Gold ended the trading session with a modest gain on Wednesday after weak U.S. data cast doubts over the pace of the economic recovery, but gains were kept in check by easing demand for safe assets as Washington and Moscow set up talks to reduce tensions over Ukraine.
The Institute for Supply Management said the U.S. services sector index fell to 51.6 last month, the worst read for the index since February 2010 as bad weather affected business activity. Separately, U.S. private employers added 139,000 jobs in February, below economists' expectations for a gain of 160,000 jobs.
A U.S. nonfarm payrolls report on Friday should give investors a further opportunity to gauge the strength of the economic recovery and its potential implications for the Federal Reserve's plan to unwind its stimulus program.
"The situation in Ukraine has generated some demand for the metal as a diversification tool at the start of the week, but that support seems to be vanishing now,'' Bernard Sin, MKS SA vice president, said.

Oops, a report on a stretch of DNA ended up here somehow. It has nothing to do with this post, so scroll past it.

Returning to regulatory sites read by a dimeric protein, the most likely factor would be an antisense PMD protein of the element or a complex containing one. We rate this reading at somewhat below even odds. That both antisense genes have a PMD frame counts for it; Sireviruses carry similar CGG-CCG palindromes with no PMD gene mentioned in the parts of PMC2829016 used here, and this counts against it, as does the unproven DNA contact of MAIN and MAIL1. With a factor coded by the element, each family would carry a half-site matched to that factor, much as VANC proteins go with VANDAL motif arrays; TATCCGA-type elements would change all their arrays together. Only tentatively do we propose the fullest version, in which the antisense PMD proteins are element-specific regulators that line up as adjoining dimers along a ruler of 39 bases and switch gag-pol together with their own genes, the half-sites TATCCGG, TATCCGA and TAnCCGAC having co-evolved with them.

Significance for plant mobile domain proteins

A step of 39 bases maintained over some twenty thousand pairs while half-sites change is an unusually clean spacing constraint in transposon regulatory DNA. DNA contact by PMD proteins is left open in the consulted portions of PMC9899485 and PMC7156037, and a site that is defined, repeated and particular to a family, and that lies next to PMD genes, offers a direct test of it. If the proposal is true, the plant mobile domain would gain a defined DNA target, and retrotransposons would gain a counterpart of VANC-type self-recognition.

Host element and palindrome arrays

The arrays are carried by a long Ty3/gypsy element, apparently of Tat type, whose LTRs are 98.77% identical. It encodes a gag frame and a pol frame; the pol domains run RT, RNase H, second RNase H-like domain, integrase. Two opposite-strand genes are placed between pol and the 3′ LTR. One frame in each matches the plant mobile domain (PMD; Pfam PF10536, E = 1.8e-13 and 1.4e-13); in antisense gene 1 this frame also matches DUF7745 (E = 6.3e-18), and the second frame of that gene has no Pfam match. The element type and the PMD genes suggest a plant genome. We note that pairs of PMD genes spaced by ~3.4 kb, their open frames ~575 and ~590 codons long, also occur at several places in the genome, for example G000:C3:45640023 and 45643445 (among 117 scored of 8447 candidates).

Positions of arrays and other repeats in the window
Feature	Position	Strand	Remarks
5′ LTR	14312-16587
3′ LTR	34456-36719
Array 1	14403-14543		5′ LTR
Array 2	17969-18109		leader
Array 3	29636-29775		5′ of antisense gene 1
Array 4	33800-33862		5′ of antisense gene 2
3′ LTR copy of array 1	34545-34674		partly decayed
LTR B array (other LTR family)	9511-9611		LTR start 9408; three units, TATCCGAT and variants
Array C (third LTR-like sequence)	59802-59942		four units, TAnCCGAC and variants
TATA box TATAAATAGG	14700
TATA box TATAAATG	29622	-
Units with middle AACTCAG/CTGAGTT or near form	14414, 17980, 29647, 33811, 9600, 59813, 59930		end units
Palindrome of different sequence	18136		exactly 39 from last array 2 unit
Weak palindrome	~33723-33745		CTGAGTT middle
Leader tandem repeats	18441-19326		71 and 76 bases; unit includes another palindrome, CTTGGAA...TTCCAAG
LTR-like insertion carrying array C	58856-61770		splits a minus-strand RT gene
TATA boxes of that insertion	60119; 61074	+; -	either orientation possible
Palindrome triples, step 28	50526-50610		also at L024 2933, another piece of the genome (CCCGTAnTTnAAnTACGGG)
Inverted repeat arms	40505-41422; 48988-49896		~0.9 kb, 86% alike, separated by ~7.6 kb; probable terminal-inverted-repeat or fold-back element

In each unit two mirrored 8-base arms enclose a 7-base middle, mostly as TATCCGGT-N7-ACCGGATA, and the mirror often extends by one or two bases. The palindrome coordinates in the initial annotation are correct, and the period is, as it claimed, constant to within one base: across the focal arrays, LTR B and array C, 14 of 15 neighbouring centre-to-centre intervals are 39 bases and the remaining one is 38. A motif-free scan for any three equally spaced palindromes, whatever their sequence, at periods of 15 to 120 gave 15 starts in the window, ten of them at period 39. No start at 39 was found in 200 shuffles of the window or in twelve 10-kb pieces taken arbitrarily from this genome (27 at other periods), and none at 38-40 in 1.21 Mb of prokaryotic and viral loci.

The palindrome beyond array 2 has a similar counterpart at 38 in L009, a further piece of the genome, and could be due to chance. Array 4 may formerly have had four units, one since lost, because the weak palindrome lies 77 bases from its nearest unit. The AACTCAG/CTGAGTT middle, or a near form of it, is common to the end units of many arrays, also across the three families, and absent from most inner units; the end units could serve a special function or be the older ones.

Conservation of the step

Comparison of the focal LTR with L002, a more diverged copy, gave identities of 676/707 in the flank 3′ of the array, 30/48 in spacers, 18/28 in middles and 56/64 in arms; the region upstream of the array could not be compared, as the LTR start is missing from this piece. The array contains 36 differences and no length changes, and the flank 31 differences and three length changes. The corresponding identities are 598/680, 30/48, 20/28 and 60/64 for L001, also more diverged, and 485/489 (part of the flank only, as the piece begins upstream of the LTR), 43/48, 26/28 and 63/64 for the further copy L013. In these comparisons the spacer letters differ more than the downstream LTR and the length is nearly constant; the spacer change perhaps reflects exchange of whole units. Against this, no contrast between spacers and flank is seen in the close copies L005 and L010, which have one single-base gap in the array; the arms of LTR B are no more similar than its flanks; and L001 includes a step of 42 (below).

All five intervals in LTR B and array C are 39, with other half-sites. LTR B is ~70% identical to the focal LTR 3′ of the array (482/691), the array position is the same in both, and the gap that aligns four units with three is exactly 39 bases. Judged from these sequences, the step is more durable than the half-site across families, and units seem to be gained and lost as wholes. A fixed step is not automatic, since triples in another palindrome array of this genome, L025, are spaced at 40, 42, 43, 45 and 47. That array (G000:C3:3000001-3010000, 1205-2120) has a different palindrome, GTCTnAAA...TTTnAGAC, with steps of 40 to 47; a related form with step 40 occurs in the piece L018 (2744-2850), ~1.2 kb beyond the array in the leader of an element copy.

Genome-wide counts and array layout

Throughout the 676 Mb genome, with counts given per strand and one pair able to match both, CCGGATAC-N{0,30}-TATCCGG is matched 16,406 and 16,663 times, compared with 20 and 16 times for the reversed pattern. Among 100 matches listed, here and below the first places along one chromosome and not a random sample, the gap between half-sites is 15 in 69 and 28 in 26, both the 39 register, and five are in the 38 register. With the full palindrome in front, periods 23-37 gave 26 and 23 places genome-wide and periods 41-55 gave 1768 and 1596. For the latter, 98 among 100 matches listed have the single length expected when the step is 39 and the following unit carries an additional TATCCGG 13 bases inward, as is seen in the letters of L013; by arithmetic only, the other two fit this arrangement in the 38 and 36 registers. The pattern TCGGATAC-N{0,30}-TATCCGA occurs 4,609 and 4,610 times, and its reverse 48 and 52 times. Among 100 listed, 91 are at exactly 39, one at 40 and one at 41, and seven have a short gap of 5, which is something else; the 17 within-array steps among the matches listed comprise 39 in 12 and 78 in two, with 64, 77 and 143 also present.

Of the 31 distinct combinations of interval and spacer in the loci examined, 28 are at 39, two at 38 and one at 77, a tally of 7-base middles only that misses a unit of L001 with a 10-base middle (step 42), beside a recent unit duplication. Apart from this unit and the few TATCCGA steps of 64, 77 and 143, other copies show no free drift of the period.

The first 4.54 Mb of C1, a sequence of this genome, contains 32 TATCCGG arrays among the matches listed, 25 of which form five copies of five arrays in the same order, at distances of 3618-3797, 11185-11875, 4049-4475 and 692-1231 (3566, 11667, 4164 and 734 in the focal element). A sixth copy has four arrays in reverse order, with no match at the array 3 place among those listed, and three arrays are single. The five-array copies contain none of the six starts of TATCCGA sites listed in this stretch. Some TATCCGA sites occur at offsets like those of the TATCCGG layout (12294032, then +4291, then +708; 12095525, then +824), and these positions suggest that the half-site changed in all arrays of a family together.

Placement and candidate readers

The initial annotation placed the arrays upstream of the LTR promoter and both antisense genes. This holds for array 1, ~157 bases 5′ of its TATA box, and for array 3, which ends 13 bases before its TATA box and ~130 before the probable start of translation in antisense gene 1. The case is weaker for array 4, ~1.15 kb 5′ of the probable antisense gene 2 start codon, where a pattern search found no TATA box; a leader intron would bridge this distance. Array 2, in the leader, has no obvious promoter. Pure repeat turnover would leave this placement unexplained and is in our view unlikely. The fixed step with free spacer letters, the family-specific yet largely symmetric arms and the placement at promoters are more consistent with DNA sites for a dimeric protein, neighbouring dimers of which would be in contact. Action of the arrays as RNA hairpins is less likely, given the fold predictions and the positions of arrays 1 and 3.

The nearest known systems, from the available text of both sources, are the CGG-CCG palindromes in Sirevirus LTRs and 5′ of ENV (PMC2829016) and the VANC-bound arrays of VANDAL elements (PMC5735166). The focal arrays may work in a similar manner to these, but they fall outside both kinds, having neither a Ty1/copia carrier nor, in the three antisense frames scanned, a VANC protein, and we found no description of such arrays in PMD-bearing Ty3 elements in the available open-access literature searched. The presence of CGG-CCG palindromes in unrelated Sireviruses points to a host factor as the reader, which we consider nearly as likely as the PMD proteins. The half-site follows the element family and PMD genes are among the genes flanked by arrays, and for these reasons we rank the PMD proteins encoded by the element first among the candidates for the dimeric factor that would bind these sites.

"And you also have weak physical demand, while the U.S. figures continue to paint a disappointing picture for the U.S. economy ...traders will look at more figures for direction.''
U.S. gold futures for April delivery settled $2.40 higher at $1,340.30 an ounce.
Spot gold was up 0.3 percent at $1,338 an ounce, after dropping 1.2 percent on Tuesday. It hit its highest since Oct. 30 at $1,354.80 on Monday after news of escalating tensions in Ukraine hurt stock markets.
European stocks were mixed, while U.S. equities opened little changed, and the dollar fell 0.1 percent against a basket of currencies.
Bullion has climbed 11 percent this year, following last year's 28 percent drop, as a spate of soft economic data from the United States and China has drawn investors back to the metal.
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